The FDNY will continue to have a presence at the site to put out any potential fires and search for any possible human remains, a department official said.

Thomas Tracy| New York Daily News

A “controlled demolition” is now planned for the century-old lower Manhattan parking garage that collapsed, killing one, after first responders painstakingly remove cars and debris from the site, FDNY officials said Wednesday.

While no one is believed to be trapped or unaccounted for at the four-story Ann St. garage following Tuesday’s collapse, the FDNY will continue to have a presence at the site to put out any potential fires and search for any possible human remains, a department official said.

All utilities to the building were shut off as preparations for the demolition were made, city officials said.

The first phase of the demolition will be the removal of the vehicles that were in the garage when the top floor pancaked down on the levels below, officials said.

The upper floors packed with cars crumbled, sending vehicles into the void below, jaw-dropping photos taken from adjacent buildings show.

One person was killed and seven people suffered minor injuries in the 4 p.m. collapse. A handful of the injured were garage parking attendants, officials said.

Forensic engineers will conduct a study but it’s believed the weight of the vehicles left on the roof deck and the age of the building contributed to the collapse, a source with knowledge of the incident said.

Buildings Commissioner Kazimir Vilenchik said Tuesday his inspectors will “continuously review and research property profiles to understand the history of the building, certificate of occupancy, and all other records.”

City records show building owners paid fines on code violations but the DOB did not register a fix to four open violations between 2003 and 2013. Sixteen other violations filed against the building over the last three decades were marked as “resolved,” according to city records.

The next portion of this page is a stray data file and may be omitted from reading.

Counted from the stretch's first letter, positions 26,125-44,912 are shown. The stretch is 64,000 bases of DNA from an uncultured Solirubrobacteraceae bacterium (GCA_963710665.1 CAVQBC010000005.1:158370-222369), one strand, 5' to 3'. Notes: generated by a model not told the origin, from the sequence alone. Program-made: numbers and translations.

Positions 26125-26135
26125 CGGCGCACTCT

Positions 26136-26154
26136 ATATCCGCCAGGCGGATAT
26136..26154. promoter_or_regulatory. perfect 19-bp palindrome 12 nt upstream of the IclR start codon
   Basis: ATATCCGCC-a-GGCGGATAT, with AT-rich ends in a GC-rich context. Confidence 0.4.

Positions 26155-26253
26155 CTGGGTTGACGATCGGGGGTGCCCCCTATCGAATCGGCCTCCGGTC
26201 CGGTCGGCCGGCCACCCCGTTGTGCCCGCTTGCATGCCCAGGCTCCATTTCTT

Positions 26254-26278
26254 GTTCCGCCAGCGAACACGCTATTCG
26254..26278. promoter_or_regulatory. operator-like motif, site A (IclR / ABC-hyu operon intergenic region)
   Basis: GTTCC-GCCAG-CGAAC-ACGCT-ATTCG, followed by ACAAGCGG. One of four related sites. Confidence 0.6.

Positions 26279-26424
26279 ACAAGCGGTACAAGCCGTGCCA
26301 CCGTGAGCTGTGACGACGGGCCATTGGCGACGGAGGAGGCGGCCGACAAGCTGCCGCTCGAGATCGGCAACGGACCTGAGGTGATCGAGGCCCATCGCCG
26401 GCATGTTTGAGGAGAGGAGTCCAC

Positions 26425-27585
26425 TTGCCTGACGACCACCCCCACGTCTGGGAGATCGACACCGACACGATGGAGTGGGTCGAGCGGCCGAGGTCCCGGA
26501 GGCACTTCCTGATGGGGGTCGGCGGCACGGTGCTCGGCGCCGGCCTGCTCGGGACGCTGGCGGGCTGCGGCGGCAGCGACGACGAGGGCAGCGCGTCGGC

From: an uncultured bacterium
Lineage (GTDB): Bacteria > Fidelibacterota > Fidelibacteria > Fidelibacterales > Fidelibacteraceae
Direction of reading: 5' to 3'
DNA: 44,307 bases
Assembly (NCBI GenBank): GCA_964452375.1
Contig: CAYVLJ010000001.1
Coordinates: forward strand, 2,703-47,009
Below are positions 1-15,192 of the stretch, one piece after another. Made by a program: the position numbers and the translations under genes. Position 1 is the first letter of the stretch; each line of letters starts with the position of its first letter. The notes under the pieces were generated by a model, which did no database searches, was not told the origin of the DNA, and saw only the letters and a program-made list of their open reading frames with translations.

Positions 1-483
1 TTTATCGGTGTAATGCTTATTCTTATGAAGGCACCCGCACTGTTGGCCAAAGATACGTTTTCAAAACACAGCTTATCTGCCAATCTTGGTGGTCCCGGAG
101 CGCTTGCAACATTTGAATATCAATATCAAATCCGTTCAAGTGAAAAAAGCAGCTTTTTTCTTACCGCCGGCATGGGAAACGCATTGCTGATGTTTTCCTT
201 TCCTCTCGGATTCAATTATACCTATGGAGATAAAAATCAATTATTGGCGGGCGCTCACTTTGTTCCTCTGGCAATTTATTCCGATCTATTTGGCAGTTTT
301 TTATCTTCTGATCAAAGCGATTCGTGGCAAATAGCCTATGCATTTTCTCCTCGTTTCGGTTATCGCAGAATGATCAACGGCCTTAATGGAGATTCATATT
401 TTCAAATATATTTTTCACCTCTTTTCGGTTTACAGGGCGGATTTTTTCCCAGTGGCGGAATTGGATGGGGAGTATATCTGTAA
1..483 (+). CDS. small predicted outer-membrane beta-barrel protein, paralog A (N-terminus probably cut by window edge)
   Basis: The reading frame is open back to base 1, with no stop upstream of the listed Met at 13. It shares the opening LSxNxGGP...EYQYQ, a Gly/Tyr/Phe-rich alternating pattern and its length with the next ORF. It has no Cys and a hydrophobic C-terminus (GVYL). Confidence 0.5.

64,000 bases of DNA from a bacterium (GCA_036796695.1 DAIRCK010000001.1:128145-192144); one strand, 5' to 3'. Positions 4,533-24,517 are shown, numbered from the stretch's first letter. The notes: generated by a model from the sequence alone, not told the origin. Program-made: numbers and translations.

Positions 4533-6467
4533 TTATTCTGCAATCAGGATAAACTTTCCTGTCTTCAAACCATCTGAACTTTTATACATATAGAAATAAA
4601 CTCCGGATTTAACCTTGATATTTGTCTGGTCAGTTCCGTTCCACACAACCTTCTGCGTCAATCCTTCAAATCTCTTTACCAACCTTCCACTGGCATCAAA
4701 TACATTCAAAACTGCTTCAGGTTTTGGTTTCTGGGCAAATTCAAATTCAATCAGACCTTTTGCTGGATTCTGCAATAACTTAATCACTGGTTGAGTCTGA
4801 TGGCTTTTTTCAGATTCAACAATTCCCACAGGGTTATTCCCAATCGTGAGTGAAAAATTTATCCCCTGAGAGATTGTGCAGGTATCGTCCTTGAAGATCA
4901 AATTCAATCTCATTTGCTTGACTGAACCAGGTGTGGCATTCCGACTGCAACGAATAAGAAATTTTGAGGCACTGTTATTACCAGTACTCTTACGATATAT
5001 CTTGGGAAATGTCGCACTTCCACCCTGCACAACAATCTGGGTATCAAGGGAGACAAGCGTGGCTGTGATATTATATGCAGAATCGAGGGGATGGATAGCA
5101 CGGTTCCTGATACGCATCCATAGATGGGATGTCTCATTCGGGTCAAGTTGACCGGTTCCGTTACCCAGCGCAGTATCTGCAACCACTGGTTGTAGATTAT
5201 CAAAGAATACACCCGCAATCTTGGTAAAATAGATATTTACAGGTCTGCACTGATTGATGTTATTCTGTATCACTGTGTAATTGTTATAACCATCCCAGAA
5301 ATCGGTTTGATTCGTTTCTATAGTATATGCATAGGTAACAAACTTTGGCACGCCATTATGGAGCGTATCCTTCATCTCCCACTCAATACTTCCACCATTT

In 2003, the Buildings Department cited the owners for “failure to maintain [building] hazardous” and noted “first floor ceiling slab cracks” and “missing concrete covering steel beams.” Inspectors also found “defective concrete with exposed rear cracks.”

That same year, the Buildings Department discovered the building did not have proper lighting by exits and in emergency stairwells.

In 2009, building owners were accused of having “broken and defective fire stairs” and “defective exits.” The southwest side of the building was “rotten” with “loose pieces of concrete in danger of falling,” the violation noted.

The Buildings Department cited the owners for not keeping the building up to code and for having inadequate doorways and exits in 2013.

There are two additional open violations for minor defects found during periodic elevator inspections but those defects would not jeopardize a person’s safety, a Buildings Department spokesman said.

Attempts to reach the owners of the building were unsuccessful Wednesday.

©2023 New York Daily News. Visit Distributed by Tribune Content Agency, LLC.

Read More


Leave a Reply